An American `differentness'

Paul Darmafall's visionary view of patriotism


October 30, 2003|By Stephanie Shapiro | Stephanie Shapiro,SUN STAFF

Unlike those visionary artists whose work is obsessively precise, Paul Darmafall embraced asymmetry. In rotten boards and broken bits of bottles, the Baltimore Glassman, who died this week of a heart attack at age 78, found a pursuit that gave order to his thoughts, themselves broken - the shards of a mentally ill mind.

I marvel at certain masterpieces of discipline, such as late Baltimorean Gerald Hawkes' matchstick skulls and furniture. But somehow, Darmafall's glittery, 3-D cartoon angels, trees, flags, birds and historical figures are more emotionally accessible precisely because of their imperfection. His work appeals to my inner child, someone who could never color within the lines and rendered the sky as a messy blue strip across the top of a sheet of construction paper.

Darmafall's work is also a shining example of how a creative mind can thrive on clutter, chance and speed. He allowed random shapes and textures to guide him and frame his recurring themes of freedom, despairing patriotism and biblical doom. His best pieces - he was prolific and uneven - have the weight of priceless antiquities unearthed from tombs and caves that contained mysterious, yet uncanny, predictions for the future. Imagine what his rough-hewn tablets will tell the world about American civilization over the next millennia if anyone chooses to decode his cryptic writings.

A Navy gunner during World War II, Darmafall worked at Bethlehem Steel as a machinist and bricklayer. After becoming ill, he would often disappear for long stretches only to surface in makeshift studios around the city. There, he created hundreds, perhaps thousands, of "signs" from scraps of tin, glass and wood. Eventually, friends who admired Darmafall's art helped to make his survival possible and provide him with a safe place to work.

While Baltimore is home to the American Visionary Art Museum, where his work is in the permanent collection, Darmafall, himself, often chose not to live in his own Armistead Gardens home. Like many other visionary creators discovered by the art world, Darmafall, whose name over the years has also been spelled Darmofall, led a strange life of rootlessness, delusion and fame.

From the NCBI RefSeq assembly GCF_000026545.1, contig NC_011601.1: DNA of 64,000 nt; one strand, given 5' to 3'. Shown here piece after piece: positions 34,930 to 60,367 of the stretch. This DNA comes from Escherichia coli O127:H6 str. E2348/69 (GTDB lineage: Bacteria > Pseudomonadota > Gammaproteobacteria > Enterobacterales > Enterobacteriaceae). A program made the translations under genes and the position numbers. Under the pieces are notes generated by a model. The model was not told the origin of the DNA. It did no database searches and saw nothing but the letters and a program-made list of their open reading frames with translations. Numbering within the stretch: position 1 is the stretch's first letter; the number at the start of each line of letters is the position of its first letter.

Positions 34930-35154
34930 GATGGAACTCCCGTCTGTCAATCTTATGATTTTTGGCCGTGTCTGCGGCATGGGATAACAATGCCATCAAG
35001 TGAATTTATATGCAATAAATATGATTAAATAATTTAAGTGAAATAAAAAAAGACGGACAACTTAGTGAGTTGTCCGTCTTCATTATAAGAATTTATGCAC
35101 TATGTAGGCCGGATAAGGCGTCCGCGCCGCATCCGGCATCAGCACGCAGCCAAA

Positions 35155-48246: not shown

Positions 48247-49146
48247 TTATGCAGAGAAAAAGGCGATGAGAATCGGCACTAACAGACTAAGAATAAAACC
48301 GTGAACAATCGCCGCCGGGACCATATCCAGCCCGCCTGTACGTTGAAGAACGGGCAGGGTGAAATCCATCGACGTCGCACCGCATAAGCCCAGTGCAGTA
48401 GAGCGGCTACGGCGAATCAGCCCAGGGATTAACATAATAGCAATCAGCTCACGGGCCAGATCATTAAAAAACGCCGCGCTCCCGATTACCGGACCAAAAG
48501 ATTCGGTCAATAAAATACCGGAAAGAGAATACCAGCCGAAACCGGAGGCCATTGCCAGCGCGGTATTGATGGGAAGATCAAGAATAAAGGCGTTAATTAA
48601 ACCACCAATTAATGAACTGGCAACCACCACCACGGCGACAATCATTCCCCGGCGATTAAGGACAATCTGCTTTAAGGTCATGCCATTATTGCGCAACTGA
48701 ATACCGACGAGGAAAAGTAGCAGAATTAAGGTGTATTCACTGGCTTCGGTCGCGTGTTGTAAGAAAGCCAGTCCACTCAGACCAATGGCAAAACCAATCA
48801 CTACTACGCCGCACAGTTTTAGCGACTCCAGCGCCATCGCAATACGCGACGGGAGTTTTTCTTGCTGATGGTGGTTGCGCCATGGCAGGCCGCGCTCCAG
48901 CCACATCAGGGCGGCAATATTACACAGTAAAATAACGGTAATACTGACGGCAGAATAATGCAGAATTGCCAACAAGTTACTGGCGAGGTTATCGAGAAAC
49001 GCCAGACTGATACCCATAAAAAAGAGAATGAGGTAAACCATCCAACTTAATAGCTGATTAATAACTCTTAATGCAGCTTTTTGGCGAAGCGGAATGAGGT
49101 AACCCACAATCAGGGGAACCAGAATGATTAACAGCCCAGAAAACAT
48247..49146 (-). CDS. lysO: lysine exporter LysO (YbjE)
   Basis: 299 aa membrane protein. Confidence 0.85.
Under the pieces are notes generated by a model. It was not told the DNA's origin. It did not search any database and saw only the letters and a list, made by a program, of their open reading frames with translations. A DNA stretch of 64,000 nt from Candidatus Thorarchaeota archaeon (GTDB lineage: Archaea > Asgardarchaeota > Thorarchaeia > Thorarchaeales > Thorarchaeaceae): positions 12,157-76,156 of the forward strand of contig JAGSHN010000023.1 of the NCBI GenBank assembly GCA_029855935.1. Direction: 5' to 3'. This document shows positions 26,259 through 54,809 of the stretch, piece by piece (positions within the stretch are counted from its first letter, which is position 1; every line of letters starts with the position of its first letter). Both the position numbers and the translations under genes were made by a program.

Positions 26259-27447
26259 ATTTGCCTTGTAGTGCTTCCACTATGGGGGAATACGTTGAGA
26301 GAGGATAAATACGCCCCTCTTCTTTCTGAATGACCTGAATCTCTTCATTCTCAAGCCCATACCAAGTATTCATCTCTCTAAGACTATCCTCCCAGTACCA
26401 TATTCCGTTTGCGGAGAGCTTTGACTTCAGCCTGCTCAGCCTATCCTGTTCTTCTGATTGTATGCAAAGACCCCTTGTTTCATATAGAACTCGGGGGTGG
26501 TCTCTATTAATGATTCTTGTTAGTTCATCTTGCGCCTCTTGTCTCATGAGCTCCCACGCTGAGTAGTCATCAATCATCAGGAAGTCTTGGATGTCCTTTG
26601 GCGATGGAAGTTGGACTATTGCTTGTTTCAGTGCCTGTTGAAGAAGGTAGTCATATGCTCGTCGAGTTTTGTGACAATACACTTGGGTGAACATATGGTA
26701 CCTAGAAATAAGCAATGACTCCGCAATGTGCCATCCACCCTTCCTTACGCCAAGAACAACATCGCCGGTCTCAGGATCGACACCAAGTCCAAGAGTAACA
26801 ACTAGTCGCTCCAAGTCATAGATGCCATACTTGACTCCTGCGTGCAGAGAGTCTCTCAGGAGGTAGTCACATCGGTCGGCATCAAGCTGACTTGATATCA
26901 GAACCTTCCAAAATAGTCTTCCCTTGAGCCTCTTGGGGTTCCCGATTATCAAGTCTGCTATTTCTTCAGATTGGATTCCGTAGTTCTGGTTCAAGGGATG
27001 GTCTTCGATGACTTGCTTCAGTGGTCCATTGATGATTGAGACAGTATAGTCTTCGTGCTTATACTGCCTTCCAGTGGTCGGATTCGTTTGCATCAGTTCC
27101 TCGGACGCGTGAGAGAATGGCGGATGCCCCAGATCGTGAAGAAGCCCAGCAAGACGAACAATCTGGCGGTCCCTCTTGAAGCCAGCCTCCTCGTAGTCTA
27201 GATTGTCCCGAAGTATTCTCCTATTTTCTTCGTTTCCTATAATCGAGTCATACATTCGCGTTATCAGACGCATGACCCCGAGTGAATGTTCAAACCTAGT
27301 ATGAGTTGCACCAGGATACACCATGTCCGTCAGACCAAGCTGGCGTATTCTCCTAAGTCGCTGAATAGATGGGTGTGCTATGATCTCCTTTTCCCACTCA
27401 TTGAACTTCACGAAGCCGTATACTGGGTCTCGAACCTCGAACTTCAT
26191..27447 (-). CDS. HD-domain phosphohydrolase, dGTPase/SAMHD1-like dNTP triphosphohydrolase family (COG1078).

Preoccupied as he was with American history, Darmafall often re-created the Statue of Liberty in glass. Less inscrutable and majestic than the real thing, Darmafall's ladies flirt with kitschy counterparts in souvenir shops. At the same time, they reveal how Darmafall's illness led him to a profoundly broad sense of American identity. His national narrative, while often gloomy or seemingly naive, is malleable and open to interpretation. That's a quality worth considering at a time when loyalty to God and Country can be rigidly defined, leaving no room for the questions that are the lifeblood of democracy.

In 1995, Darmafall told a reporter, "If you look at American history, it will teach us something. We've had the Constitution ever since the Revolution, and we still can't get by."

Darmafall's pessimism, whether or not it was a function of his illness, was not misplaced. In his singular way, the Baltimore Glassman got to the heart of the American paradox. This is a country founded on freedom of expression; yet there are those who fear that such freedom will ultimately precipitate its destruction.

I have no idea whether Darmafall consciously saw his own art as a reflection of his rights as an American. But as he reinvented others' discards, he exercised his rights with resourcefulness and ingenuity, traits inextricably linked to Americans since the country's founding. His "differentness" opened the gate, not only to his freedom of expression but to a way of voicing his intense national loyalty.

In more ways than he may have realized, the Glassman used his gifts as an outsider to uphold the Constitution. In doing so, he produced an enormous body of work collected around the world.

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